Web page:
Drop in Colon Cancer Rates for Older Americans

The rates of colon cancer in US adults aged 50 and older have decreased by 3% per year over the last 10 years, with the largest decrease seen in those over the age of 65.

The rates of colon cancer in US adults aged 50 and older have decreased by 3% per year over the last 10 years. The largest decrease is in adults over the age of 65-an annual decline of 5.4% over the last 5 years compared with 3.2% for adults between the ages of 50 and 64.

The reason for the steady decline is increased colonoscopy screening, which has increased from 19% in 2000 to 55% in 2010 in adults between the ages of 50 and 75. These are the results of an analysis by the American Cancer Society (ACS) published in CA: A Cancer Journal for Clinicians.

Lead author Rebecca Siegel, MPH, director of surveillance information at the ACS, attributes the increased colonoscopy rates to the expansion of Medicare coverage for colonoscopy screening-for high-risk individuals in 1998 and for all beneficiaries in 2000. “There has also been increased awareness of colorectal cancer screening due to campaigns by organizations like the [ACS] and the Colon Cancer Alliance in the early 2000s,” said Siegel.

Because colorectal cancer typically progresses slowly from precancerous polyps to invasive cancer, screening can either detect these precancerous polyps or discover cancer during its early, localized stage when treatment can lead to a long-term survival.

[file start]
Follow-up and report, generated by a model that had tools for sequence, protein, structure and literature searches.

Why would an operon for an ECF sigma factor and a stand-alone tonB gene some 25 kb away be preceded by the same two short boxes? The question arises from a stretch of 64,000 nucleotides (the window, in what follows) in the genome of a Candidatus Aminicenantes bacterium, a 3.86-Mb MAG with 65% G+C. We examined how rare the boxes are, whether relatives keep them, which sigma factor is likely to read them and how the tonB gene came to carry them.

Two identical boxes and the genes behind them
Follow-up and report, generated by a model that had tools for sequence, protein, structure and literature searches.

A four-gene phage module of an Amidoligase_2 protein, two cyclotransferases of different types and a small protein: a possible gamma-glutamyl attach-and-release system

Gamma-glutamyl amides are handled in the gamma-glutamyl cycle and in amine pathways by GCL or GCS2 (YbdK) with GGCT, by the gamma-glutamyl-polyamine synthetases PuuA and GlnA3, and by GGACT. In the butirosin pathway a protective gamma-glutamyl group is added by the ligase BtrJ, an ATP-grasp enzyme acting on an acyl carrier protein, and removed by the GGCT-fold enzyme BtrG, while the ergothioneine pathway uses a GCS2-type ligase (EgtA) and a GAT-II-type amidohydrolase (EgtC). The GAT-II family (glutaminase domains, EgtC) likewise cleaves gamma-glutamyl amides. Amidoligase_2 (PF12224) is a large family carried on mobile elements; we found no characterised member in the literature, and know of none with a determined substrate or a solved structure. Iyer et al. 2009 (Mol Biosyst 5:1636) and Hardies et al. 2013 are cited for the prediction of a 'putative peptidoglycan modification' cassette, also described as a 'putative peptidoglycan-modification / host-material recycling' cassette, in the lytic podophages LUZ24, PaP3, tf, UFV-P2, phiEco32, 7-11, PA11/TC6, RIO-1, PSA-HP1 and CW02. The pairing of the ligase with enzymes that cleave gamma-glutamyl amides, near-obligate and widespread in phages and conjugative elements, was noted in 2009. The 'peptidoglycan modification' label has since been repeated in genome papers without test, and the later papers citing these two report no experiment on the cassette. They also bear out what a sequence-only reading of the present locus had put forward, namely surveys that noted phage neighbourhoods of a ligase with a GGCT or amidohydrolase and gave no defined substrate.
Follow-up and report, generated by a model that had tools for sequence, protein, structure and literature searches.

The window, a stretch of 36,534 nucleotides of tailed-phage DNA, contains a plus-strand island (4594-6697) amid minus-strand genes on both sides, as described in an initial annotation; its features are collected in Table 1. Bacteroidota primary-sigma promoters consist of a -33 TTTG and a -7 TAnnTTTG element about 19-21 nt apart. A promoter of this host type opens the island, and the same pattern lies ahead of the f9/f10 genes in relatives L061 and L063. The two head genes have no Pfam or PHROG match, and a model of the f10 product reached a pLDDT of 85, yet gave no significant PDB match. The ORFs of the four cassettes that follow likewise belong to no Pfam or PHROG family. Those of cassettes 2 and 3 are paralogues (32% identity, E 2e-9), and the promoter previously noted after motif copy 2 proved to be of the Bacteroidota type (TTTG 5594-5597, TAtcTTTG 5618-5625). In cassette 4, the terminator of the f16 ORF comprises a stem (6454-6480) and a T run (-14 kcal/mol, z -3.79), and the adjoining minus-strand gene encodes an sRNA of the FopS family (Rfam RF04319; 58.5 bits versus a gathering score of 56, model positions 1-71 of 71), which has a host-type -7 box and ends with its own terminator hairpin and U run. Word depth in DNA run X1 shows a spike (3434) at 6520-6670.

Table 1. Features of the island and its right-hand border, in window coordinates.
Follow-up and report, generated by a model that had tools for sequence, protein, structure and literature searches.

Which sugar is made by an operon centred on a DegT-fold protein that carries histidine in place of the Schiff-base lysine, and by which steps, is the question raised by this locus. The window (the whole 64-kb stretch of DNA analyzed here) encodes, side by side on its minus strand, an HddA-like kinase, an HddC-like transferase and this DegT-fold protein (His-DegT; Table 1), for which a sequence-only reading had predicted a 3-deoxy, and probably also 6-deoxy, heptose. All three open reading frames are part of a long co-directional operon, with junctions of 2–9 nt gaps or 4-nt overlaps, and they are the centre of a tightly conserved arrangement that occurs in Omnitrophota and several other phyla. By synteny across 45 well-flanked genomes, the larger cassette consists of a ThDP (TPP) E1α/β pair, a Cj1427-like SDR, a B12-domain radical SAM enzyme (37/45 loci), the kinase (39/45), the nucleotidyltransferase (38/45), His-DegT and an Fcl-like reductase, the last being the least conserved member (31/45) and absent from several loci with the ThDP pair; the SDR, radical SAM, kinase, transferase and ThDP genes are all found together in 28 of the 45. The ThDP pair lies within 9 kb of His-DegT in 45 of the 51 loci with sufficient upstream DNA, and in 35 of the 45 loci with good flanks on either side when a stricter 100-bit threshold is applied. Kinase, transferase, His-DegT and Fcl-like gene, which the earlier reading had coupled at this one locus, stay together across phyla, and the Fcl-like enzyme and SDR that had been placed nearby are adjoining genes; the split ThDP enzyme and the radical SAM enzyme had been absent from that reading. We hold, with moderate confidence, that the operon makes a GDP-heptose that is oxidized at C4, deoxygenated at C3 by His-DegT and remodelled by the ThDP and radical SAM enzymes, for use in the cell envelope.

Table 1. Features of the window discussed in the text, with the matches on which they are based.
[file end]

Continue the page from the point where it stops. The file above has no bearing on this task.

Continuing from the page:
Incidence overall decreased by about 2% each year over the last 20 years and the decrease has been most significant among those aged 65 and older, with rates of tumors located in the distal colon decreasing by more than 5% annually from 2001 to 2010. Rates decreased by 3.9% in adults 50 and older overall in every location within the colon or rectum.

Deaths from colorectal cancer decreased about 2% annually during the 1990s and by 3% annually during the last 10 years.

In adults younger than 50, however, rates of colorectal cancer increased by 1.1%. This increase was only for tumors of the distal colon and rectum-which have been linked to obesity and potentially harmful diet habits.

“Although colorectal cancer in adults younger than 50 only represents 10% of total cases, increasing incidence in this group is of particular concern because young adults have the potential undue impact on both productive life-years lost and families with children at home,” said Siegel. “In addition, if the cause is related to the obesity epidemic or unfavorable dietary patterns, we may now be seeing just the tip of the iceberg.”

The decreases in incidence rates did not have an effect on survival rates, which generally improve as a result of earlier detection and improvements in treatment.

The study and accompanying report (Colorectal Cancer Facts & Figures) is part of an initiative by the National Colorectal Cancer Roundtable to increase rates of screening up to 80% by the year 2018.

Siegel emphasized that individuals “have a lot of control over their [colorectal cancer] risk because we know a lot about how to prevent this cancer.” To reduce risk, Siegel suggests that individuals receive screening according to recommended guidelines, establish and maintain a healthy weight, stay physically active, do not smoke, eat a healthy diet based on a high consumption of plants and low in red and processed meat, limit alcohol consumption, and take in the recommended amount of calcium.